Originally, we were looking at the lightest pair of handcuffs available. We quickly abandoned this quest after talking to officers who have employed such tools in the past. Handcuffs made of materials other than steel have a reputation of failure. Handcuffs by definition are temporary restraints. Besides temporarily restraining suspects, they can be used for aerial denial. An officer can lock business doors or disable equipment, including an automobile, with a good set of cuffs and some mechanical knowledge. Deny terrain during an active shooter incident is a combat multiplier.
Officers should carry standard steel chain-link ratcheting handcuffs with heavy-duty rivets. Although hinged handcuffs are generally more secure, chain link is more versatile. Cuffs generally run between 10 and 16 ounces. We selected Peerless Model 700 Handcuffs for this article. They are serialized, reinforced cuffs with welded links, double locks and engineering designed to some of the typical vulnerabilities found in lesser models. Peerless Model 700 Cuffs weigh 10 ounces.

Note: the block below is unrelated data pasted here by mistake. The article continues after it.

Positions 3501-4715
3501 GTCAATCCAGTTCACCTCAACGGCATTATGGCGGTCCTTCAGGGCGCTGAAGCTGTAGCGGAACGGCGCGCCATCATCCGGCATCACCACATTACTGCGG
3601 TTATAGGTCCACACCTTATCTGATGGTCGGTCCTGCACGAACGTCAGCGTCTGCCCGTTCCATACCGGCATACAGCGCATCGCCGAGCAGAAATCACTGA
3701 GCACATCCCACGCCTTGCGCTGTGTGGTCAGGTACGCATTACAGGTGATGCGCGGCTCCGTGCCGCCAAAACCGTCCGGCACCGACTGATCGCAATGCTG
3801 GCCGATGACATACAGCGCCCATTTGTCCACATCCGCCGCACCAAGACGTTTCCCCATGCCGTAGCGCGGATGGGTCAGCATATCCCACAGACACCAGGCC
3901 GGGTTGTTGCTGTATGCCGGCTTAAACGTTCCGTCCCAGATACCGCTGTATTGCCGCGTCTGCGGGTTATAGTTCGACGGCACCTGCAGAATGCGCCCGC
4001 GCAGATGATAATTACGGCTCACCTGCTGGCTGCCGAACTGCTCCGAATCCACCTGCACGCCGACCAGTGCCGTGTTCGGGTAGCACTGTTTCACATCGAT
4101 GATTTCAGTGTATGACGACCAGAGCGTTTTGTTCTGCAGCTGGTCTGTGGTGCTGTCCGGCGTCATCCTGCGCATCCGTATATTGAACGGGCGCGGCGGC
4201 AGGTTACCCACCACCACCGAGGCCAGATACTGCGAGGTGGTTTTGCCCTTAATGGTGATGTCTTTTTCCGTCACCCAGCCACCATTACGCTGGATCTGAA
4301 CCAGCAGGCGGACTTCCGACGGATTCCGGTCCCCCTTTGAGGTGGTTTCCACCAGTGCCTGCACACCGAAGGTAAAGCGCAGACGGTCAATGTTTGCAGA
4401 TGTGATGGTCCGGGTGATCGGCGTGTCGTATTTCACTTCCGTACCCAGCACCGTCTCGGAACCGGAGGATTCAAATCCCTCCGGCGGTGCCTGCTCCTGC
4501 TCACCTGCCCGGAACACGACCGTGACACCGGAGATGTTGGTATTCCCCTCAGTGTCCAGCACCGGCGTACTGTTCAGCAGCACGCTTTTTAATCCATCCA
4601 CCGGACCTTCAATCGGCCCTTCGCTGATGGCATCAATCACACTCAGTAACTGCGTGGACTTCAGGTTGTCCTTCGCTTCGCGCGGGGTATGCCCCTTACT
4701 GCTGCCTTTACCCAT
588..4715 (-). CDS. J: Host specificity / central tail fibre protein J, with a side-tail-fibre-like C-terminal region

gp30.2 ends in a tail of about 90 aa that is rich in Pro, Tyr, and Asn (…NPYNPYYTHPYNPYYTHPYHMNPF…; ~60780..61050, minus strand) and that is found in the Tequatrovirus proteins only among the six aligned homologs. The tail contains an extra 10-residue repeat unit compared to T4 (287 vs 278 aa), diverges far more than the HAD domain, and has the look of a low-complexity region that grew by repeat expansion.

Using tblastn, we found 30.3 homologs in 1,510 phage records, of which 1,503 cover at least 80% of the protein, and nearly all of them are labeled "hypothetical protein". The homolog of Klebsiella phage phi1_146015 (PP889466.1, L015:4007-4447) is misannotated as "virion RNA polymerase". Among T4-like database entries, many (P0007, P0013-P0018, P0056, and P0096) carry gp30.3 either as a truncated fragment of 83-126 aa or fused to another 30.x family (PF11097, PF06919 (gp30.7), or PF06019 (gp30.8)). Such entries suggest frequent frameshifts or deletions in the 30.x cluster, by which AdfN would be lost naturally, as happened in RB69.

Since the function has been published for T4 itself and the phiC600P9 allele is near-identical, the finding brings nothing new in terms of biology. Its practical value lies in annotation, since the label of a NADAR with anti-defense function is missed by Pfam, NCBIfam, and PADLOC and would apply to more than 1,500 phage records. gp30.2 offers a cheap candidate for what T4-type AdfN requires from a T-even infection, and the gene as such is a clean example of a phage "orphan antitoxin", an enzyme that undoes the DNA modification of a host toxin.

The off-duty flashlight should fit in the pocket, be bright enough to back up the primary light and use a common power source or have an extraordinary runtime. It should have a push button momentary switch or preferably a momentary/constant "on" switch. Our pick for this was easy: The Pelican 360 has all of these features and delivers 100 lumens from two AA cells. The 2.5-watt unit weighs 4.6 ounces and has a bright white high-intensity LED — it gives more usable light that many high tech tactical torches and would excel in disaster recovery ops because of its durability and power consumption. This is the epitome of an on-duty/backup/off-duty torch.
Be off duty
Although it might seem contradictory to the purpose of this article, a heightened state of awareness is stress inducing. The other part of off-duty conduct that officers should practice regularly is actually being "off-duty." That is, they should be encouraged to use vacation time rather than cash it in, and do things that have nothing to do with their job. The new off duty is about being efficient while off, and then knowing when to really be "off."
Lindsey Bertomen is a retired police officer who teaches at Hartnell College in Salinas, Calif.